The public consultation is open until 14 January 2022 here.
High purity materials, such as elemental Sulphur, with a clear agronomic efficiency, should be eligible for use as component materials in EU fertilising products (CMC 15). This initiative sets out the criteria to ensure that these materials are safe for use in EU fertilising products.
The European Commission understands that high purity materials are recovered from waste through two processes: the ones that isolate salts through (a combination of) advanced purification methods, such as crystallisation, centrifugation or liquid-liquid extraction, often applied in (petro-)chemical industries; and the ones where gas purification or emission control processes remove nutrients from off-gases. The high purity materials identified by the JRC are ammonium salts, sulphate salts, phosphate salts, elemental sulphur, calcium carbonate and calcium oxide.
The public consultation is open until 14 January 2022 here.
EU Council

CAP Strategic Plans Regulation (2021-2027) - Council Adopts Regulation

The Council has adopted the CAP Strategic Plans Regulation and issued a press release on 2nd December 2021. The new CAP will start in 2023 once the European Commission approves the National Strategic Plans of the EU Member States and will apply until 2027. Member States have to submit the draft of their CAP strategic plans by January 2022.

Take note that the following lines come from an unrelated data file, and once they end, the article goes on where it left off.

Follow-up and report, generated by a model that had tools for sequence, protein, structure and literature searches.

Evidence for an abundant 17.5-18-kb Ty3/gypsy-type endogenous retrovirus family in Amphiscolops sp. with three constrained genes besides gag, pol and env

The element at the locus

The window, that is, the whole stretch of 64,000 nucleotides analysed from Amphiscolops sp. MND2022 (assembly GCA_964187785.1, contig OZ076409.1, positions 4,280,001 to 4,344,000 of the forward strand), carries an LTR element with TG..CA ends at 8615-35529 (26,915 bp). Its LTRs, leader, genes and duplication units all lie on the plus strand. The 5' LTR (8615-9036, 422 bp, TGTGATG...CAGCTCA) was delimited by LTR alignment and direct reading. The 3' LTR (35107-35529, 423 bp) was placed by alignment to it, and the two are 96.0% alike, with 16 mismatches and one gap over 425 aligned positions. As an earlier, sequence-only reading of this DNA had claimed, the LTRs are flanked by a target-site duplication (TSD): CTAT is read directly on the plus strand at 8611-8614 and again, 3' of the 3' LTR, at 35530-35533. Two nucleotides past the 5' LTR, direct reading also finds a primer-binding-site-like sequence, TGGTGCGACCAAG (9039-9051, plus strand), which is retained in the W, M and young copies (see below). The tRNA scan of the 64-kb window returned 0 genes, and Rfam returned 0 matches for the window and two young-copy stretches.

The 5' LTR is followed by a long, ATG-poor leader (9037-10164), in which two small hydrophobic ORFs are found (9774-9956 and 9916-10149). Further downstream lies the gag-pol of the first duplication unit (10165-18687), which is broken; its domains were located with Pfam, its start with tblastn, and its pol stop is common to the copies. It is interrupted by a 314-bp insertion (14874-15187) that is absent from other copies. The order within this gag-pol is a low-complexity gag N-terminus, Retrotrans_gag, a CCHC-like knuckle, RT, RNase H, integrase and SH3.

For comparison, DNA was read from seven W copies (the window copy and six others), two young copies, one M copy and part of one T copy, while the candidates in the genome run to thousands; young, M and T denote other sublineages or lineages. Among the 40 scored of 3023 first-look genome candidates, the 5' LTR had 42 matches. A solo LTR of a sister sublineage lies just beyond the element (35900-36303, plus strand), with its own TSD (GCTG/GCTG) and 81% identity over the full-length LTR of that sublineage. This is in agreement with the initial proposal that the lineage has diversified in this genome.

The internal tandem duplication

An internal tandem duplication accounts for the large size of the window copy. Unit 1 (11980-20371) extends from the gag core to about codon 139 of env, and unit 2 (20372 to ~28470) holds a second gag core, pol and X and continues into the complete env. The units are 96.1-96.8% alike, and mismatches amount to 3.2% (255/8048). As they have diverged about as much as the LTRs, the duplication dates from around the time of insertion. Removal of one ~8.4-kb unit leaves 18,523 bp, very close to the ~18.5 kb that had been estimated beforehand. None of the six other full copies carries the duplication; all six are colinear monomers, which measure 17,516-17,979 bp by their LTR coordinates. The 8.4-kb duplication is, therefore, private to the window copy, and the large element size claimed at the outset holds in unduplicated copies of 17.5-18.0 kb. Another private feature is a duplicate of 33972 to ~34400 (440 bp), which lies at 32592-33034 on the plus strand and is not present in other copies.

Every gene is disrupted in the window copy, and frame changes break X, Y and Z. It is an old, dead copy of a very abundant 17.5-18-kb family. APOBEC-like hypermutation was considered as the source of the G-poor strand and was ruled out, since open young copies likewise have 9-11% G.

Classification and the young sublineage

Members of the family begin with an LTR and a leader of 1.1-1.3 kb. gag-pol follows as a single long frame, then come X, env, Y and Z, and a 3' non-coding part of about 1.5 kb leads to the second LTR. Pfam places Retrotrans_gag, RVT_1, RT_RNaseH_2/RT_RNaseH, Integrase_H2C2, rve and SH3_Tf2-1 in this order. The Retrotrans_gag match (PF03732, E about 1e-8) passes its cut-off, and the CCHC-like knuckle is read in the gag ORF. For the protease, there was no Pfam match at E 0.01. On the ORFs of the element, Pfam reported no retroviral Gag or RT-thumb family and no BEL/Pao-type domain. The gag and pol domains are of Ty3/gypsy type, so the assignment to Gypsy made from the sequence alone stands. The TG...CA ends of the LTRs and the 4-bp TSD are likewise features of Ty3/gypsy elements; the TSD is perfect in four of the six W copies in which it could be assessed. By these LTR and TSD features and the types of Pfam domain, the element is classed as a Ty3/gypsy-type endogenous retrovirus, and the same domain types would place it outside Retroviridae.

The Commission will have 6 months to approve the national plans. Janus Wojciechowski Commissioner for Agriculture issued a statement to welcome the adoption of the Regulation by the Council. The press release of the Council is available on the website.
The CAP Strategic Plans Regulation was published in the EU Official Journal on 6 December 2021.


18th January - 2pm CET
Diverting biowaste from disposal and turning it into fertility

On Zero Waste Europe's next webinar, the Mission Zero Academy (MiZA) will sit down with Enzo Favoino, Chair of the Zero Waste Europe Scientific Committee.
Click here to register and for more information.

S.O.S Save Organics in Soil

This international initiative S.O.S. SOIL – Save Organics in Soil, led by the European Compost Network (ECN) and the Italian Composting and Biogas Association (CIC), aims to highlight the importance of soil organic matter to encourage policy makers to develop instruments to move Europe towards implementing sustainable, climate proof soil management practices.
Sign the manifesto 'Save Organigs in Soil' here.

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Trade mark for certified quality assurance
organisations, compost and digestate products